July 7, 2017
The Boston Globe
Think Nordstrom for kids, on wheels
Mini Emporium pops up at suburban farmers’ markets, town days, and retail centers like Chestnut Hill’s The Street.
As any parent of a child who wears clothing can tell you, shopping is an often thankless task. Jeans? Itchy. Collared shirts? Stifling. Dresses? Not if they’re too frilly.
Gia Cyrier knows the struggle firsthand: The Andover mom has four children under the age of 6. She balances a career in corporate marketing with running Mini Emporium, which she calls the only mobile children’s boutique in Massachusetts. Picture Nordstrom on wheels.
Her candy-colored rig, packed with fashions for kids up to 8 years old, pops up at suburban farmers’ markets, town days, and retail centers like Chestnut Hill’s The Street every week, so she’s drawn a steady following of fashionable parents (and gift-happy grandparents) throughout the area. She just launched a summertime pop-up storefront at MarketStreet Lynnfield, making for a more spacious browsing experience.
Cyrier stocks brands you won’t find at big-box stores: comfy boys’ shorts from Wes and Willy, bold prints for boys and girls from Appaman, headbands and accessories from local artisan Camdyn Reese, preppy wellies, and gingham from JoJo Maman Bébé (Princess Charlotte is a fan).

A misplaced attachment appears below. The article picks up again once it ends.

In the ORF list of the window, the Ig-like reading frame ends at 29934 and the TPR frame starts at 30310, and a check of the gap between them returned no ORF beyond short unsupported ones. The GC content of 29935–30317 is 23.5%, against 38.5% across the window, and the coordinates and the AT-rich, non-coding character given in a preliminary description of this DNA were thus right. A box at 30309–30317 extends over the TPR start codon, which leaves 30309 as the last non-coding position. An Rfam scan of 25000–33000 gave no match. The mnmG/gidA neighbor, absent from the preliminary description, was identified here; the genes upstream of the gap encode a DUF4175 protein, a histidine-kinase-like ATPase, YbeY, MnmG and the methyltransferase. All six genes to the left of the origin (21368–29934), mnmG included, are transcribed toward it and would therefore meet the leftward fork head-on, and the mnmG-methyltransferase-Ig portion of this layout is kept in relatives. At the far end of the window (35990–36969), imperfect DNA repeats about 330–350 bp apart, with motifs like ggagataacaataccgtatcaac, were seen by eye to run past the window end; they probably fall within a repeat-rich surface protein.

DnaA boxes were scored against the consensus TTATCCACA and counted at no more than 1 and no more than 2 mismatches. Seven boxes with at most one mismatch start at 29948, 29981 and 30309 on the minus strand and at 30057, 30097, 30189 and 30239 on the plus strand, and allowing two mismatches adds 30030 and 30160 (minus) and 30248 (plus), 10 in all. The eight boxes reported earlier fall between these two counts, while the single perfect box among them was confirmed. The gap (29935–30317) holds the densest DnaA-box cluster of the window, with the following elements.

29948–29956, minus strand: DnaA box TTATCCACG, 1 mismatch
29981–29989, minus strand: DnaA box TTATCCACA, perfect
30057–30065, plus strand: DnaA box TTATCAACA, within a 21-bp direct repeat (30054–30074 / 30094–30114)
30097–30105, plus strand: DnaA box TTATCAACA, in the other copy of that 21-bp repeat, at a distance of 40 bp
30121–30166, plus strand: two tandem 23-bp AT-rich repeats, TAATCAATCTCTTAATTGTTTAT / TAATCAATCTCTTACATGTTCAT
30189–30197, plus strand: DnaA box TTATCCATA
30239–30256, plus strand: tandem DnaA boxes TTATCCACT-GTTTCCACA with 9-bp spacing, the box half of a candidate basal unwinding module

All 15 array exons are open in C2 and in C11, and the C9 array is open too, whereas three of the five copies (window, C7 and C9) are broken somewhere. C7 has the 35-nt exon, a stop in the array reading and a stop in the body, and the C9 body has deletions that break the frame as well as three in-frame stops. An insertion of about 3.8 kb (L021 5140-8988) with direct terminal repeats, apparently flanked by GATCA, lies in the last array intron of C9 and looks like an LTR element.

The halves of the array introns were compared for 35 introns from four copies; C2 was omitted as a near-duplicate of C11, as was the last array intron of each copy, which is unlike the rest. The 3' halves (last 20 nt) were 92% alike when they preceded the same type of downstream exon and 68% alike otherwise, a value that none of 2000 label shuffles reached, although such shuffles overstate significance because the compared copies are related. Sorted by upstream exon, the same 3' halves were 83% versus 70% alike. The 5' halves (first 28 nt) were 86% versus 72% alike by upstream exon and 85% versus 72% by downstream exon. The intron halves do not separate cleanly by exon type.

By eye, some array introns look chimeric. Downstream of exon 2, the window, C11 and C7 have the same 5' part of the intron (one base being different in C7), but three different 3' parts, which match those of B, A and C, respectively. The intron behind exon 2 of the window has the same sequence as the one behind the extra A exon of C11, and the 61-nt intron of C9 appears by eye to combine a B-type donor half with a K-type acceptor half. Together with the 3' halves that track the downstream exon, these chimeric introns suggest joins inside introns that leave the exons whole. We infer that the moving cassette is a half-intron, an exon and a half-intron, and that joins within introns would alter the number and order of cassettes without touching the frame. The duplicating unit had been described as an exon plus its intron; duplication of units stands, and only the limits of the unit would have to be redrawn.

And because she’s a mom, she’s realistic about what her customers want. Swanky labels can only go so far.
“Jumpers are out. I’m not selling them,’’ she says. “Frilly dresses are out. Denim for boys — they won’t wear them! And it’s hard to get boys into anything button-down unless it’s Christmas or Easter. People want simple and comfortable.”
Affordable, too: Most items retail for $20 to $80.
“The store is great if you love style, like well-designed clothes, and don’t want your kid dressed like everyone else,” she says. “We stock labels that a lot of moms don’t know about. Our customers enjoy shopping locally, usually from brands made in the US, and they like the personal experience — we build relationships with them.”